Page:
The instinct to thrift is a basic one. I don’t mean our cave-dwelling ancestors liked to take a Sunday stroll through the local Car Boot, but that we, as a people, can’t help but seek out things that enrich us.
This manifests itself in everyone is such different ways, and coming from a family of artists and designers, I tend to keep my eyes peeled for things that are visually appealing.
Some people collect old movies, some stockpile books, others prefer fancy bars of soap, but I have honed my tastes over the years and have found that visiting charity, second hand and thrift shops, car boot sales, vintage fairs, flea markets, and even skip-diving, satisfies my need to thrift. If you too feel the need to take up this, ahem, hobby, then read on.
Choose your niche.
Thrifting will satisfy all material wants. Kids clothing and toys, memorabilia, books, car parts, D.I.Y tools, modern furniture, jewellery, whatever you’re into, if you keep your eyes peeled and have a clear idea in your head what you like, the best items will jump out at you like the proverbial diamond in the rough. It is also important to identify what you need as there is always the danger of tipping into a hoarder mentality; I often find myself contemplating quirky punch bowls or another set of corn holders, when ultimately I have no need for them.
Commit to upcycling – or not.
One thing I have learnt through the years is what can be worked on and what can’t. This usually comes with experience and I have thrown away my fair share of unworkable thrift. I have become fairly reluctant to upcycle under any circumstances. The reality is that if I buy something with the intention of upcycling, it will still be in my shed a year later. This has helped my ‘internal editing’ while looking at thrift – I acknowledge something’s upcycling potential but swiftly move on. If you do have the time to upcycle, here are a few things to consider:
- Damaged lampshades. Once the frame is intact, the rest is good to go. Try to salvage any quirky trims and cover the rest with some favourite fabric. Alternatively check out this super simple idea by the creatives at The Merry Thought; old wire lampshade bases made into plant stands.
- Peeling veneers. Once you don’t mind some rough edges on your furniture, a peeling veneer isn’t the no-go you might imagine. Just give the veneer a light sand to eliminate any loose splinters, and then paint with a primer and topcoat. See one of my own painted veneer pieces here.
- Damaged rugs. Cut the damaged area off and use the remnant for beside the bed or under an occasional table. Alternatively use it to cover a footstool, which would benefit from the extra sturdy material.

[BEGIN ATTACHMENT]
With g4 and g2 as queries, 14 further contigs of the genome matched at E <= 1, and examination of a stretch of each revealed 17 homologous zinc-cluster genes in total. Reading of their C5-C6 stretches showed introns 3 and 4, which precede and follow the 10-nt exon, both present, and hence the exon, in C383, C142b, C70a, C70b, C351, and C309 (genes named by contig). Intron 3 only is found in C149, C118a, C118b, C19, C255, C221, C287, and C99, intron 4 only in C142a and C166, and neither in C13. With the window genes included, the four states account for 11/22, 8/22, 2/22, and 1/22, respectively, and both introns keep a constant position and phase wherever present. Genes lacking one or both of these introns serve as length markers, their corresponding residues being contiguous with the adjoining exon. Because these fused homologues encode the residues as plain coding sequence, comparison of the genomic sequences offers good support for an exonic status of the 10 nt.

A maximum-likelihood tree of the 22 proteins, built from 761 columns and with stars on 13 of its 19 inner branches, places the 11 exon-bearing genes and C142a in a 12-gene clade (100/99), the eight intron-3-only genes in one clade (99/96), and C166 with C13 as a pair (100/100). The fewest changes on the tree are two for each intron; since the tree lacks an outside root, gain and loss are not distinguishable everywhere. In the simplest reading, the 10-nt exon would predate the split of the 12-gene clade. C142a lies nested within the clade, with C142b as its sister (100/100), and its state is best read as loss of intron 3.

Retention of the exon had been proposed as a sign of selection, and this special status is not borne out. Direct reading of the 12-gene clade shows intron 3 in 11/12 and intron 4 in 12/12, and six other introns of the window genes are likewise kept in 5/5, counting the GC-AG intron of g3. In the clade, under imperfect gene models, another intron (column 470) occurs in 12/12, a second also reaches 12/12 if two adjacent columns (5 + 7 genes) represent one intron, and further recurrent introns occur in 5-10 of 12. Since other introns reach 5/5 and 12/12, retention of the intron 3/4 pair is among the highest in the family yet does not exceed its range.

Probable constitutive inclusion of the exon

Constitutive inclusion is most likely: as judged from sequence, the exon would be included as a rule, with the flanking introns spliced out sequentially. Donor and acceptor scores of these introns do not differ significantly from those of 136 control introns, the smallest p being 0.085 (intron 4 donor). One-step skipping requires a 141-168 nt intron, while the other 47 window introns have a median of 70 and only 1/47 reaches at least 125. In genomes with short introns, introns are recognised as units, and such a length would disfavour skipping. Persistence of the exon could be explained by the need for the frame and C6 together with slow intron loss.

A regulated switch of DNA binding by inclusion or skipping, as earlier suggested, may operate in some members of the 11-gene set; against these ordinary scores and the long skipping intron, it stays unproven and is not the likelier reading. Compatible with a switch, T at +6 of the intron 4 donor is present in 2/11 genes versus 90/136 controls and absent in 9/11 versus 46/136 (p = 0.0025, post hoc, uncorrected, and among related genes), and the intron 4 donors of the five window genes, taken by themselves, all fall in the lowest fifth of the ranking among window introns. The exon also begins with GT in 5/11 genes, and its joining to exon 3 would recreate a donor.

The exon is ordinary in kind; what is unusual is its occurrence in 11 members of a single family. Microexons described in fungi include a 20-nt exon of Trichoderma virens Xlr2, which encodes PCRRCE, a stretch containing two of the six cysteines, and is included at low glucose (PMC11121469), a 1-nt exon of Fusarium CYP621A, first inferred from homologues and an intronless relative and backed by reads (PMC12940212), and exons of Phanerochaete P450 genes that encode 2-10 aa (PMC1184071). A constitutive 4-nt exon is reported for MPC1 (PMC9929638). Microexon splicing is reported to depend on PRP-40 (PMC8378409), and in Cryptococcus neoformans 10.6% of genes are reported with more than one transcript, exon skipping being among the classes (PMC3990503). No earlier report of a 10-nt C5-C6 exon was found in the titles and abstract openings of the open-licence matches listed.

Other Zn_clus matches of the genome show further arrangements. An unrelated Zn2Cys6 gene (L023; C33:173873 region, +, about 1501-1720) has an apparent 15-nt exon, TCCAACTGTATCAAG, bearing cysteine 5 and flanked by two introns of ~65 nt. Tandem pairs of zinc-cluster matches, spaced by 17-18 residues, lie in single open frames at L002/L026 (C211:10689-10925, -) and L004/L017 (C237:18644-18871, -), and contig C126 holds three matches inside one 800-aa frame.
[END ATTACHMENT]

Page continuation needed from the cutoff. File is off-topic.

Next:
- Picture frames. The one item that I will invest time in upcycling, as they can be so expensive when bought new. A multitude of sins can be hidden behind the frame, such as duck tape and staples. Even a lack of glass wont stop me. I occasionally pick up a replacement sheet from Duggan’s Glass in Limerick but for the short term its not really required. I love when the mount board is still intact as this gives the new print a great finish. Otherwise mount board can be picked up cheaply at any art suppliers. See some of my own thrifted picture frames here.
- Old magazines. Pre-1990s and they can be a treasure trove of vintage ads, photography and quirky graphic design, that, combined with your thrifted picture frames, can create a completely unique piece of art. See my own framed vintage ads here.
- Plates. I’m not a big fan of using mis-matched plates to eat off, which is a shame as I come across so many lovely one-off designs during my hunting. One way of utilising this rich resource is to turn your favourite finds into carefully curated wall art.
If you’re feeling really creative you could use your plates as a blank canvas for your doodles, as did illustrator Pretty Little Thieves, below.
Set your price limits
It is very, very hard to get more than a fiver out of me when thrifting. I have set my limit to a fiver, and if something is much over it needs serious contemplation. If I start drifting over that budget it makes it harder to make (often on-the-spot) decisions for fear of over spending on something I ultimately won’t use. Although haggling is considered an absolute must in these exchanges, I usually don’t engage in it. Having been a seller, I set the value of something and if the buyer doesn’t agree then its not for them. It is up to me as a seller to gauge the buyers interest and adjust the price accordingly. In saying that I do ask for the odd Euro off here and there, but asking for far below what you’ve been quoted is unfair to the trader, especially if it’s their first time attending.
Take your time
Whenever I attend my thrifting spots with friends I can see their eyes glaze over, do a swift scan of the goods, and exit fairly quickly. We’re spoilt with the heavily-merchandised interiors of high street shops, so it can be difficult to develop the piercing eye of a good thrifter. It’s a good habit to take your time, pick things up, look at all the features and try to imagine it in context, that is, a dusty milk glass bowl will look very different sitting in a sunny windowsill than at the bottom of a bucket full of old newspapers and broken glass.
Brings change…and bags!
When it comes to markets and fairs, there is nothing worse than buying something for €3 and handing over a €50, especially early in the morning when you eat into the traders float! I always carry a bit of spare change in my pocket. And don’t forget bags. Traders aren’t obliged to supply them so you could be caught out if you find yourself splurging on more than your pockets can carry. Here’s hoping anyway.